Dick Kelly has pushed Xcel Energy since 2005 to become a national leader in wind-generated power, more-efficient technology and conservation. The results have included double-digit decreases in emissions even as Xcel produced more power.
In his time as CEO, Kelly sold the Minneapolis-based utility's board on a lower-carbon future and investments in efficiency and emerging technologies that would end an internal climate/science debate and get ahead of looming state and federal regulations.
Xcel shareholders also have gotten greener under Kelly. Minneapolis-based Xcel, the largest utility in the Upper Midwest and Colorado, provided a 9.6 percent total annualized return to shareholders between January 2005 and June 30, 2011, compared with 7.1 percent for the S&P utility index and 3.7 percent for the S&P 500 index of America's largest firms.
When he retires in August, it will have been six years since Kelly became CEO and 45 years since he worked as a meter reader in Denver to help pay for an accounting degree at Regis College.
Kelly, 65, will be succeeded by Ben Fowke, 53, Xcel's chief financial officer.
QYou took over for Wayne Brunetti during a time of some tumult amid regulatory issues, including the controversy over the divestment of your then-troubled merchant-power company NRG. And your financial condition was nothing to brag about. What was your mandate?
AI told the board that I would strengthen the balance sheet, deliver earnings growth, improve our credit rating and move an environmental strategy that I thought was appropriate for the future. We needed to fix some things.
QYou bet hundreds of millions of ratepayer dollars on improving efficiency and generating 30 percent of your juice from wind and other renewable sources by 2020 in Minnesota, and meeting lower renewable mandates in adjacent states. You produce more power and less pollution since 2003, according to federal filings.
AThere was some risk. But Minnesota and the Dakotas were natural places to take a chance on wind. The wind is strong here. Some other utilities were getting 20 to 30 percent capacity out of wind turbines, but our tests showed we could get 40 or 50 percent. So that lessened the risk. I was worried about the regulators and customers. It turned out that this was exactly what they wanted. We spent a little more money up front, but the customers, the Minnesota Public Utilities Commission and [past] legislatures have been great [in supporting our strategic investments in efficiency, conservation and alternative fuels]. We now lead the nation in wind-generated electricity. Conservation and energy-saving technology are the cheapest form of energy and we have some of the most successful programs in the country for business and residential customers. New rules are coming out of Washington, D.C. We are ahead of them. I'm proud of that.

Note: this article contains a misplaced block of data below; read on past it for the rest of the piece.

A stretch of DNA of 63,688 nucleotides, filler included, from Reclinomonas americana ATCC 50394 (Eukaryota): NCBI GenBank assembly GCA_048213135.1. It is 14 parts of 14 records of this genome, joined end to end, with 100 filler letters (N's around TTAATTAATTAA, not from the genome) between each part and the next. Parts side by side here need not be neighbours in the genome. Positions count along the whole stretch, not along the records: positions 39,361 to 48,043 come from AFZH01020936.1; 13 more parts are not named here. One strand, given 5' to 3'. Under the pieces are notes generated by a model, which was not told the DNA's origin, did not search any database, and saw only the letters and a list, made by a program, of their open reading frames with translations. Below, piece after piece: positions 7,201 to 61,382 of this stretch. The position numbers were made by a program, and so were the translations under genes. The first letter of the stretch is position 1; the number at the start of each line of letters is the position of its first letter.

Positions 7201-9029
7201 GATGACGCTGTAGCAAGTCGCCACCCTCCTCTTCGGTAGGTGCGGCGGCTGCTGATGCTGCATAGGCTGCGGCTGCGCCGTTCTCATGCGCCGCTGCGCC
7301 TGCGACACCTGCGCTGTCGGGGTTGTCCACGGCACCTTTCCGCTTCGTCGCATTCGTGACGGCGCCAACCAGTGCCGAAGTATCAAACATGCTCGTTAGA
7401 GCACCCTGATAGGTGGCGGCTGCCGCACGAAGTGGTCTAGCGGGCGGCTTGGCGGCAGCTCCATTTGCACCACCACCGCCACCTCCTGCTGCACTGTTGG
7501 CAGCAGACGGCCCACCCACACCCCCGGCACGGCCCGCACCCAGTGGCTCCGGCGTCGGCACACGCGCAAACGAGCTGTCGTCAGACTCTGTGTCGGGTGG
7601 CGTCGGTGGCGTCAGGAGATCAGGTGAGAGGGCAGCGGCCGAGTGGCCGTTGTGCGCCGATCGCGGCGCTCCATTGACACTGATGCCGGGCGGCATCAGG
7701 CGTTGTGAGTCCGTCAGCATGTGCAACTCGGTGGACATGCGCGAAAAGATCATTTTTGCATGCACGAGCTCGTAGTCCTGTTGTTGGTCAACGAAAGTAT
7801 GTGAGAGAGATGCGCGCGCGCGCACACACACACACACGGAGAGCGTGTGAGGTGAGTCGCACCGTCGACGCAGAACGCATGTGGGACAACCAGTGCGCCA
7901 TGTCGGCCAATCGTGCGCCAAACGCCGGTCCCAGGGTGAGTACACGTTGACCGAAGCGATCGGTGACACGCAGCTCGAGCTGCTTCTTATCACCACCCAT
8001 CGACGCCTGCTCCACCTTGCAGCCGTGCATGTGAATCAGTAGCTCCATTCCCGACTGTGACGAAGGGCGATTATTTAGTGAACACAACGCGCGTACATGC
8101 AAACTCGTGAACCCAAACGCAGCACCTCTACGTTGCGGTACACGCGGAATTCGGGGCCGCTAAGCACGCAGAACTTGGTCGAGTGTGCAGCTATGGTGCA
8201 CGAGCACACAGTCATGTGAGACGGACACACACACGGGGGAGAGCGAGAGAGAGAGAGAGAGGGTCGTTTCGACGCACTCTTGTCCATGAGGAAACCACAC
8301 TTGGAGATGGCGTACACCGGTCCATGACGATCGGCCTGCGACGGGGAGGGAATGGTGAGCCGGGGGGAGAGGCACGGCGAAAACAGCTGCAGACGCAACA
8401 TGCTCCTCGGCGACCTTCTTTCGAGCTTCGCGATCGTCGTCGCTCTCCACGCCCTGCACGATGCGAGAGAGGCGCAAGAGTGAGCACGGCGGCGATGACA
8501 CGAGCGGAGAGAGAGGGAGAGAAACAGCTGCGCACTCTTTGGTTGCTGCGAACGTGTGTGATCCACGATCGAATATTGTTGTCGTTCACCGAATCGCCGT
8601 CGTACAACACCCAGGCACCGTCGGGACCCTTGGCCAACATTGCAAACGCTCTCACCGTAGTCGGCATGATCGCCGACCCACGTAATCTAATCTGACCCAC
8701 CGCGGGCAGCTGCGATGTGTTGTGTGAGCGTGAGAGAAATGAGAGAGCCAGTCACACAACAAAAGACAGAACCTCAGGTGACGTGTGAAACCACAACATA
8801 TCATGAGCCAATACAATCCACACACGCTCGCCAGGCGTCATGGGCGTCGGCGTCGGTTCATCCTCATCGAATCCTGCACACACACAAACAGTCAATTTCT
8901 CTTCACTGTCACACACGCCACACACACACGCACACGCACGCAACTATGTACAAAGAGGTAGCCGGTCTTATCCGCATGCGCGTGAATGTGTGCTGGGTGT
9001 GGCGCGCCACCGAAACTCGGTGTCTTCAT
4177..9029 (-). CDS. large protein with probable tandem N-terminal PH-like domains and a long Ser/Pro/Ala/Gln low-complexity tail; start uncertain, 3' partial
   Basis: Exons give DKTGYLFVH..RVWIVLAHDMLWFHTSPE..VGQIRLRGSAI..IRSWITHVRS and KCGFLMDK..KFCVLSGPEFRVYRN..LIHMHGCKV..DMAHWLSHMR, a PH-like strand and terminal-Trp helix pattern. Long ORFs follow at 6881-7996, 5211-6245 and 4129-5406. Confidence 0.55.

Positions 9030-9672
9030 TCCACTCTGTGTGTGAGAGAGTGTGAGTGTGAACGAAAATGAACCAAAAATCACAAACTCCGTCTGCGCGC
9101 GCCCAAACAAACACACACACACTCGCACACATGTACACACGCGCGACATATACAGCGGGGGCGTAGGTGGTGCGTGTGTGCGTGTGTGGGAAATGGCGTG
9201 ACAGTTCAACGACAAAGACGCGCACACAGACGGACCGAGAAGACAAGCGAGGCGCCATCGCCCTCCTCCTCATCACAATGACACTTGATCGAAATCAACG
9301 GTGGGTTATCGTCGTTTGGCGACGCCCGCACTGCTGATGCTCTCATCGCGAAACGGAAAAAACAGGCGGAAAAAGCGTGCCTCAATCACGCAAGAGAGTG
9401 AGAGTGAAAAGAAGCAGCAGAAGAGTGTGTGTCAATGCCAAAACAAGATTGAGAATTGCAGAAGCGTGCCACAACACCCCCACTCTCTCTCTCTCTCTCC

QAre you still concerned, as you were in 2009, that there might be a conservative legislative backlash?
AI don't think there is much of a risk for Xcel anymore. We are so far down the road. The technology has improved so much and so have the economics. Our rates are very reasonable compared with others around the country. I still think we as a country need to do something from an environmental standpoint. A price on carbon is the only way that we can lead the world. We did it at Xcel. As a country, we need to lead the world on this. The federal government is at a standstill right now. Maybe after the presidential election of 2012. That's politics. It can change in a hurry.
QCan we still get more out of efficiency and conservation?
AYes, we can. We've spent a lot on making you, the consumer, more efficient. We need to spend more on making our plants more efficient. Consumers, especially in Minnesota, have responded well to our conservation programs.
QWhat's the mandate for your successor, Ben Fowke?
AWe built most of our transmission facilities in the 1950s and 1960s, and we have not gotten as far down the road on rebuilding it as I wish. The system is fine and safe but [not as efficient as it should be]. It needs to be replaced. It's old.
QWhat's the problem?
ASiting. Nobody wants to be near a transmission line. I keep waiting for these folks who say we will get technology that will let us use the old lines for double the capacity. It always seems five to seven years out. And they've got underground lines, but that's not happening. ... So we're back to the old way -- [replacement of transmission lines with higher-voltage lines] -- and nobody wants them on their land. We also need more transmission from where the wind is. And that takes time.
Neal St. Anthony • 612-673-7144